http://archive.today/5njIw (archive courtesy of SRD. Thanks guys!)
This one's a fun one.
To establish a timeline, the OP is 31, with her husband being 34. They've 'known each other' for five years (whatever that means) and been married for two. That places their marriage at when she was 29, and them 'knowing each other' when she was 26. The events of this tale occur more than ten years prior, so somewhere between 18-21.
A married woman from /r/relationships is at a friend's birthday party with her husband. Her husband, while talking to another of her female friends, discovers that she "used to engage in threesomes with [her then-boyfriend] and his male roommate. Probably 12-15 in total, but all my husband knows is that it was 'more than once'." It comes out later in the comments that these threesomes were under the influence of drugs and alcohol. It's unclear if the husband knows about that aspect.
Hubby is not happy at all. He's refusing to sleep in the same bed and is avoiding conversation. He says he feels repulsed by the sight of her.
Our heroine's view is that -- oh, fuck it. I'm just gonna quote her.
College was a totally different time in my life. I was drinking every weekend, doing recreational drugs every month, partying, having casual flings - just like everyone else at that age. It was a hedonistic "live for today" lifestyle that I thankfully grew out of. I look back on those years with a lot of regrets, and not just about my sex life. I mean, it was 10+ years ago. I'm a totally different person now.
I know I'm not a good person for keeping this from him, so please don't lecture me. It was a chapter of my life I'd thought I'd closed for good. It was my ONE secret, and I honestly debated telling him about it but came to the conclusion that no positive outcome could come from it.
Fearing a divorce over something that happened ten years ago, our heroine to pursue the advice of /r/relationships.
Now, the interesting thing is what happens next, and the mix of advice.
While, as regulars here might expect, there is a fair bit of shaming of the husband for not leaving the past in the past, there are also attempts at understanding (but not legitimising) his feelings.
People tentatively suggest that maybe her past is his business, against the common line that 'the past is the past' and that she's 'a different woman'.
The practice of hiding it is questioned, but ultimately legitimised. Peculiarly, promiscuity both exists in a state where it's nothing to be ashamed of and also acceptable to avoid mentioning. The reasoning given by some is that he never asked that specific question. Ultimately blame falls to her friend for telling him. Again, this highlights an odd disconnect. Somehow his pain at finding out about something she did is due to the informer, as opposed to the actor. Seems to be a case of shoot-the-messenger.
The top comment strikes on something interesting, suggesting that her husband's upset would be acceptable if he discovered it when other people were talking about it. In other words, it's acknowledged that being with someone promiscuous is detrimental to his reputation.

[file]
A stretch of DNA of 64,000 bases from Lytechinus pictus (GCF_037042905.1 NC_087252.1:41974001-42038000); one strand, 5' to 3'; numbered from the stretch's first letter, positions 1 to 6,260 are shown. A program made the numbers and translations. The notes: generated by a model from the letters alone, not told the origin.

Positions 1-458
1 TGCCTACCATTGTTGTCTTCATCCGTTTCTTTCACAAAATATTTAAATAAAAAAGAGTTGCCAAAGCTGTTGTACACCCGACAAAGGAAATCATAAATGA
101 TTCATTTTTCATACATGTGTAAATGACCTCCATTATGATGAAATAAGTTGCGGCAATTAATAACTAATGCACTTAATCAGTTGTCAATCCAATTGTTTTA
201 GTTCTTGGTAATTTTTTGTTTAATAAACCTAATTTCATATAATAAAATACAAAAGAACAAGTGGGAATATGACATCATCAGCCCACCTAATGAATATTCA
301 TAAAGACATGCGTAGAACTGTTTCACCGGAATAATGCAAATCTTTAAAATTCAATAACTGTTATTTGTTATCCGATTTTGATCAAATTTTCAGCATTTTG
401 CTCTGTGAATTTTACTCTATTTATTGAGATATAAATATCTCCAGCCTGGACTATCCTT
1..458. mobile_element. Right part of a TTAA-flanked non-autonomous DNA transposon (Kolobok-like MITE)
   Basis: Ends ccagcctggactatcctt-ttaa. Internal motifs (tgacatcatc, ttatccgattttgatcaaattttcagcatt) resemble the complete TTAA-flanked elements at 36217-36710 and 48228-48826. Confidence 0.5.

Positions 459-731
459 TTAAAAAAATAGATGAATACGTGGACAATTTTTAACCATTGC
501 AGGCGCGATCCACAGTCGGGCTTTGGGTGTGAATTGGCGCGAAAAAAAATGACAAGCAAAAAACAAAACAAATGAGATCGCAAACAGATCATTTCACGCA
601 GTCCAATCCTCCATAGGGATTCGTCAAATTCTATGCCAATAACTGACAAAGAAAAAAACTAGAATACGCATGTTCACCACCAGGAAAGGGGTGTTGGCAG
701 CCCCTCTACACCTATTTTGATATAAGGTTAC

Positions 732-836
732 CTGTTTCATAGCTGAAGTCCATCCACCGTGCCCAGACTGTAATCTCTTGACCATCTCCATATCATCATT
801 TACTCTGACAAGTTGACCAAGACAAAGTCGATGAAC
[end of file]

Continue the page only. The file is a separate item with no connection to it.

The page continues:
In particular, a common line of questioning by commenters is about their married sex life, thinking that he might be indignant about denied pleasures. (Answer: pretty good, but she won't let him come on her face or do anal. No word on whether the threesomes included it.)
There's even a distinctly red-pill comment that mentioned the carousel by name.
Overall, it's the /r/relationships we know and love, where the woman can do no wrong and the man should love unconditionally. But there's definitely dissent.
The RP perspective is painfully obvious. It's the usual tale of a woman riding the CC during college, then settling down with an older, established guy as she approaches the wall. OP realises that her actions signal her unsuitability, so she conceals them. This change of heart, of course, only happened later on, as the friend was well aware of her promiscuity. As the husband cranks the dread to DEFCON 1, she acknowledges her actions and tries to find the best way to avoid displeasing him further.
Hamstering is abound in the comments, as OP's situation is a stark reminder that they face the same fate. They try to convince her that she did nothing wrong and that in fact she's the victim here, of an oppressive, insecure husband. Some suggest cutting him loose entirely, while others suggest a carefully patronising apology, not for her actions or for hiding it, but for how he feels. A 'sorry you feel this way' apology.
It seems the advice can be boiled down to two different approaches, each helpfully symbolised by coloured medication.
Criticise him for feeling what he does in an attempt to override his disgust at her with shame. Ideally, he'll apologise for his judgemental behaviour and go back to being a loving husband. This would, in effect, be force feeding him the blue pill.
Attempt to distance herself from the actions by assuring him that she's a different person now. This is closer to taking the approach of the red pill, essentially trying to prove to him that the actions don't impinge on her current value.
The disharmony and paradoxes in the comments represent the clash of these approaches. The former argues that there's nothing wrong with what she did, whereas the second acknowledges it. OP is much more likely to take the latter approach, because her views thus far have been in-line with it, in that she feels guilt and blames the friend for telling (and thus lowering her SMV).
That's my analysis, but I'd like to hear others'.